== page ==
This provision is attracted when the subject-matter of the suit is money or some other thing capable of delivery. The further requirement is that it should be admitted by a party that the money or the thing which is the subject-matter of the suit, is held by it as a trustee for another party or it belongs or is due to another party. Unless both these conditions are satisfied, no order in terms of Rule 10 can be passed. In the instant case, the first condition is undoubtedly satisfied because the subject-matter of the suit is money advanced by the respondent/plaintiff to the appellants. It has to be seen whether the second requirement is also satisfied. The respondent/plaintiff claims that certain goods were hypothecated against the advance of money. Hypothecation is only an extended idea of pledge. In case of a pledge, which is nothing but bailment of goods as security of payment of debt or for performance of contract (Section 172 of the Contract Act), the possession of the article is transferred to the creditor. This delivery may be either actual or constructive and may even not be simultaneously with the money advanced. In a pledge what passes as special property is the right to retain the goods pledged in possession by the pledgee till payment of debt and in default of payment to sell the things pledged and allow the property to pass to the purchaser. In case of hypothecation of goods or chattels, the intention is the same as in case of a pledge to create security for the money advanced but the actual possession of the movable property does not pass to the creditor. The possession of the property is retained by the owner. Such hypothecation not accompanied by pos-session nevertheless confers a good title upon the person in whose favour it is made and the law recognises the transaction as security and equity gives effect to it. It was held in Nanhuji v. Chimna (1911) 7 Nag LR 72 at p. 77, that in the absence of fraud, there is no inherent illegality, immorality, or opposition to public policy in the non-possessory hypothecation of movable, and, therefore, a contract for such a hypothecation is a valid contract. It is a transaction which is customary throughout the country and is suited to the circumstances and business intercourse of the people. The possession of the bailor in case of hypothecation of the goods hypothecated is really in trust for the creditor who has a right to exercise his right of private sale to satisfy the loan advanced. The creditor can recall the goods and recover his debt by private sale. In such a case, the creditor effecting the sale of hypothecated goods shall be bound to give credit for the sale proceeds and can maintain a suit only for balance. A Division Bench of this Court in Bank of India v. Binod Steel Ltd., 1977 MPLJ 797: (AIR 1977 Madh Pra 188) held that a hypothecation is only a form of pledge, the creditor permitting the debtor to retain possession on behalf of and in trust for him. Subsequent creditor cannot attach and sell the goods for recovery of his debt without satisfying the pledge. Thus, that being the nature of hypothecation of movables in law, a creditor has always the assistance of the Court to secure possession of the articles hypothecated, and this can very well be done by a direction in terms of Rule 10 of Order 39 of the Civil P. C. in a suit filed by the creditor for recovery of loan, (Jagdish Lal Sidana v. United Commercial Bank, Bhopal M. A. No. 194 of 1977, decided on 17-1-1978). The power under Rule 10 of Order 39, however can be exercised only when the hypothecation is admitted. The admission of hypothecation would mean that the defendant/debtor holds the thing or article hypothecated as a trustee for the plaintiff/creditor. When this trust is admitted and the subject-matter of suit is money, it will be competent for a Court to issue a direction for deposit of that thing in the Court or to be delivered to the creditor subject to further direction of the Court. In my opinion, therefore, what is essential is the admission of the hypothecation, i. e., possession of the articles, as trustee for the creditor. In absence of such admission, it will not be competent for the Court to issue such a direction. This admission may be in the pleadings or may be solicited in the manner prescribed in Order 12 of the Code. Notice may be given of the fact of hypothecation. Notice may also be given to admit the document containing the contract of hypothecation. If the opposite party in answer to these notices or in the written statement filed in answer to the claim, admits the fact of hypothecation, the Court will be competent to act and issue direction in terms of Rule 10 of Order 39, C.P.C. The admission so solicited should, however, be of the kind which should be akin to the admission of a claim entitling the Court to pronounce judgment in terms of Rule 6 of Order 12, C. P. C. The mere fact that the plaintiff alleges that the defendant executed a hypothecation bond and the defendant while admitting the signature upon that document pleads that the document was obtained by fraud and signatures were obtained on blank forms without communicating to him the import of that document, will not be sufficient to warrant an order in terms of Rule 10 of Order 39 because that, in my opinion, will not tantamount to say that the defendant admits the hypothecation i.e., that he holds the property in trust for the plaintiff/creditor. Such an admission would not be sufficient to allow a Court to pass a decree under Order 12, Rule 6 C. P. C. That admission would also be insufficient to warrant a direction under Rule 10 of Order 39 C. P. C. It was rightly stated in Devsi Narain Patel v. Hassanand, AIR 1927 Sind 25, that the admission in order to entitle a party to a judgment under Order 12, Rule 6 must not be ambiguous but should be clear that the sum of money was due to the plaintiff and an admission which was insufficient for an order under Order 12, Rule 6 is also Insufficient for an order under Order 39, Rule 10 of the Civil P. C. The scope of Order 39, Rule 10 is admittedly narrower than that of Order 12, Rule 6. I am, therefore, of the opinion that the admission for the purpose of Rule 10 of Order 39 should be clear, unambiguous unqualified and certain. In the present case, far from being an admission, the pleading and the replies to the application filed by the appellants only indicate that the alleged hypothecations have been specifically denied. That being so, the lower Court was not right in acting upon the alleged hypothecation bonds only because they bear the signatures of the appellants/defendants. The order of the lower Court in all the three appeals, therefore, cannot be allowed to stand.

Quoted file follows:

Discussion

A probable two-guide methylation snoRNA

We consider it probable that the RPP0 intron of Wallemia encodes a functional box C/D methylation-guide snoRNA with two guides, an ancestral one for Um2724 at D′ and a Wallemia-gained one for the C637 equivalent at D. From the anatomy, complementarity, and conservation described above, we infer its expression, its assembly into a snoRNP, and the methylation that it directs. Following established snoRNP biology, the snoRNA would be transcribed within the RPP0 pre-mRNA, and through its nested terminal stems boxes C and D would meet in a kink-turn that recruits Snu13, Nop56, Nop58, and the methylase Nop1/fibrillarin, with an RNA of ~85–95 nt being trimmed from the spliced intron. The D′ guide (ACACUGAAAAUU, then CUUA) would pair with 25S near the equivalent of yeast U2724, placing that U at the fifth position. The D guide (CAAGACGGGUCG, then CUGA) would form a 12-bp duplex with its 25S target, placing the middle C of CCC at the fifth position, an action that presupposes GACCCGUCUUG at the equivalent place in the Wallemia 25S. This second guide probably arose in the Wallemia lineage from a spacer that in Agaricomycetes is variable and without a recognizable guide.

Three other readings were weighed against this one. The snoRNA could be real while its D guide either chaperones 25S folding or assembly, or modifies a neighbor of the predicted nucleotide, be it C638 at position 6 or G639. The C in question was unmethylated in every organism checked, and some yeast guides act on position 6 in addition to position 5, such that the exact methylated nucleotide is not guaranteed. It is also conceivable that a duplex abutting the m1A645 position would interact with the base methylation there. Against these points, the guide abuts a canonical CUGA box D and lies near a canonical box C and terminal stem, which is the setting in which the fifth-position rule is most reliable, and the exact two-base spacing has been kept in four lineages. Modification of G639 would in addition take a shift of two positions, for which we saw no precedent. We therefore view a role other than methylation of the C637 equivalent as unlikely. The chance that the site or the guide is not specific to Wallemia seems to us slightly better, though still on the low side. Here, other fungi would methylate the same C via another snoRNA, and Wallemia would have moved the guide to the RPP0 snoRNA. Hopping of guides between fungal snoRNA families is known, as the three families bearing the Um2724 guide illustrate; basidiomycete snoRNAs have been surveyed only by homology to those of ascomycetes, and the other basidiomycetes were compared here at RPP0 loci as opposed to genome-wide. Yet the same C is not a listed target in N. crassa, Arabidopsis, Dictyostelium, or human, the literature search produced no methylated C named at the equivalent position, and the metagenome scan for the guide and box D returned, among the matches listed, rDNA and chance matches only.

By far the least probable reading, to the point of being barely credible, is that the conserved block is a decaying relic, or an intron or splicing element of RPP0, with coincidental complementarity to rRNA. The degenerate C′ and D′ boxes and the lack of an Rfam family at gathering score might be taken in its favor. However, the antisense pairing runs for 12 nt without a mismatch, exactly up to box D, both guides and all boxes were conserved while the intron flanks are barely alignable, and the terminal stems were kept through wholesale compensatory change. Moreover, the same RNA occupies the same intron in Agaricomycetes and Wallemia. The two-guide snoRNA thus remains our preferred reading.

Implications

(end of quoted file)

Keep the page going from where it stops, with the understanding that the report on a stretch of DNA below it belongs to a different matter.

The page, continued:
6. The appeals are allowed, all the three orders under appeals are set aside and the applications filed by the respondent/plaintiff under Order 39, Rule 10 of the Civil P. C., are hereby dismissed. There shall be no order as to costs.